The Rocky Mountain Travel Center just north of Pueblo, Colo., on I-25 exit 110 closed up shop yesterday, reported Carlos Mora of the Pueblo Chieftain newspaper. According to Mora’s report, the owner cites a confluence of factors for the demise of the near-half-century-old family business that was the truck stop and travel plaza. Chief among them appeared to be large bank loans structured in such a way as to become untenable in repayment, owner Grant Koury, who purchased the stop from his father eight years ago, told Mora. “Have you ever had to make a payroll for 40 employees? Pay a $15,000 a month utility payment? Make $18,000 a month mortgage payments?”
As Mora noted, “The closure comes as workers near completion of a major Love’s Travel Center a few miles south on the highway.”
The closure is another among several over the past year. You’ll no doubt remember my reporting on the situation at Willie’s Place in Texas, and a couple months back I received a call from trucker Charles Allen, reporting the bad news from the top of Monteagle Mountain on I-24 in Tennessee as an independent stop was being torn down there. “It’s a big shock in the trucking world right now,” Allen said. “Everybody used to go up there and cool down their brakes and take their own break.”
More and more, the traditional, full-service truck stop with motel, sit-down restaurant, plenty of parking and more seems to give way to the situation I encountered in Manchester, Tenn., two days ago after a visit to the scale house on I-24 there. Needing to get a little work done before making the hour’s drive back to Nashville, I pulled off at a Starbucks just off exit 114, got a coffee and sat down. I was troubleshooting my laptop’s then-developing display problem a few minutes later when, lo and behold, a familiar face popped into the entryway in front of me.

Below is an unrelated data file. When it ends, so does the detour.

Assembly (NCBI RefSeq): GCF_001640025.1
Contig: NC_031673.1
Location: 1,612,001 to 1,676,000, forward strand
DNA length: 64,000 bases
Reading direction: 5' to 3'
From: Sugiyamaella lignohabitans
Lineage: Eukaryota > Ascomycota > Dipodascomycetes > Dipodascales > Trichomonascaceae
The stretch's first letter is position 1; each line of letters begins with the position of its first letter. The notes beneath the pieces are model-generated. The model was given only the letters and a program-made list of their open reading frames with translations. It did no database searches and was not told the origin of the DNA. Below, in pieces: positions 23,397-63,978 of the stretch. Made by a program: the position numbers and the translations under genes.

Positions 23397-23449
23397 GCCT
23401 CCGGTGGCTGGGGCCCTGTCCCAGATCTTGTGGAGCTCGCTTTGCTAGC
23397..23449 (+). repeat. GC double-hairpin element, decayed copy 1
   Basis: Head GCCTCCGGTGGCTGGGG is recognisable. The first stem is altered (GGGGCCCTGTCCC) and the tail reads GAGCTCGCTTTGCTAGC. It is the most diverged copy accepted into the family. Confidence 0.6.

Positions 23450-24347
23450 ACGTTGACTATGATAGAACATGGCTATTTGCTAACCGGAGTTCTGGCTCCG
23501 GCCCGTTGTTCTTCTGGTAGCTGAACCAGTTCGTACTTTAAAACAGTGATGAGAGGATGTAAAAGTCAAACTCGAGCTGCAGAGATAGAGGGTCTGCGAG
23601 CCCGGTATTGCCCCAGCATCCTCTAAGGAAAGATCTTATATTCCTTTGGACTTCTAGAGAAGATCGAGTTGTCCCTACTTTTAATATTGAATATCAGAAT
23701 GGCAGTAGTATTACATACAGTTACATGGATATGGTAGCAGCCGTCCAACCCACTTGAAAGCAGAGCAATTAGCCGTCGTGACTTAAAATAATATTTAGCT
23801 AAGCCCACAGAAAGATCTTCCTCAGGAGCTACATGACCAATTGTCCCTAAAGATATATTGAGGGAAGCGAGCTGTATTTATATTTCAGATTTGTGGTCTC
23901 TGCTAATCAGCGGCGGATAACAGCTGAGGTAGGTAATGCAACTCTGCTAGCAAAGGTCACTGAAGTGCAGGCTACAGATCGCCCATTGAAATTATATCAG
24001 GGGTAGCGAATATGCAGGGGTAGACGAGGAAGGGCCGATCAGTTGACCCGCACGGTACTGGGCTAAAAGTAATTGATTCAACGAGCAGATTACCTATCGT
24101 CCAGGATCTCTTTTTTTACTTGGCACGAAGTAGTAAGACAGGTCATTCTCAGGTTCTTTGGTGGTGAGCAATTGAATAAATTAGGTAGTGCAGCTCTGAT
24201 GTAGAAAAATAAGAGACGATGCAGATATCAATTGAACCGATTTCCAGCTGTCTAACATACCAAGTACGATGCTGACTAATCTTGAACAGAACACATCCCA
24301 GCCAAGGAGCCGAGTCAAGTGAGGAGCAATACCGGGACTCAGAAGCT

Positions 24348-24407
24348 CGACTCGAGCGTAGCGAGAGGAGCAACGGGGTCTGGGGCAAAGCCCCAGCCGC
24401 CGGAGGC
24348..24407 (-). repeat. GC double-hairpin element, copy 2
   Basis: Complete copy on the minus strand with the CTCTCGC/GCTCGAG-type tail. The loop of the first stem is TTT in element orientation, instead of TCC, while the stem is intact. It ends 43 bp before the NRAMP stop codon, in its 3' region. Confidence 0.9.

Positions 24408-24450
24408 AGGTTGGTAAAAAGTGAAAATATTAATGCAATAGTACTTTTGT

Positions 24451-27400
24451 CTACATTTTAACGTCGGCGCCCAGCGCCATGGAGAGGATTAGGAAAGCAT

Lee Jordan, whom you’ll remember on my reporting about Jasmine “Jazzy” Jordan’s run last year, had parked his Wagner Trucking-leased 2003 Volvo (pictured, above), loaded with a couple big oversize John Deere tractors, at the Ramada Inn across the street to run in for a coffee. Thought you might enjoy the pics here of the chance encounter, including yet another face you might recall — that of Jordan’s dog, Radar (pictured here, of course).
Affected trucks include model year 2008-2018 Freightliner Cascadia and Western Star 4700, 4900, 5700 and 6900 trucks. DTNA says after hard brake applications, the brake light pressure switch may not activate the brake lights with the light application of the brake pedal.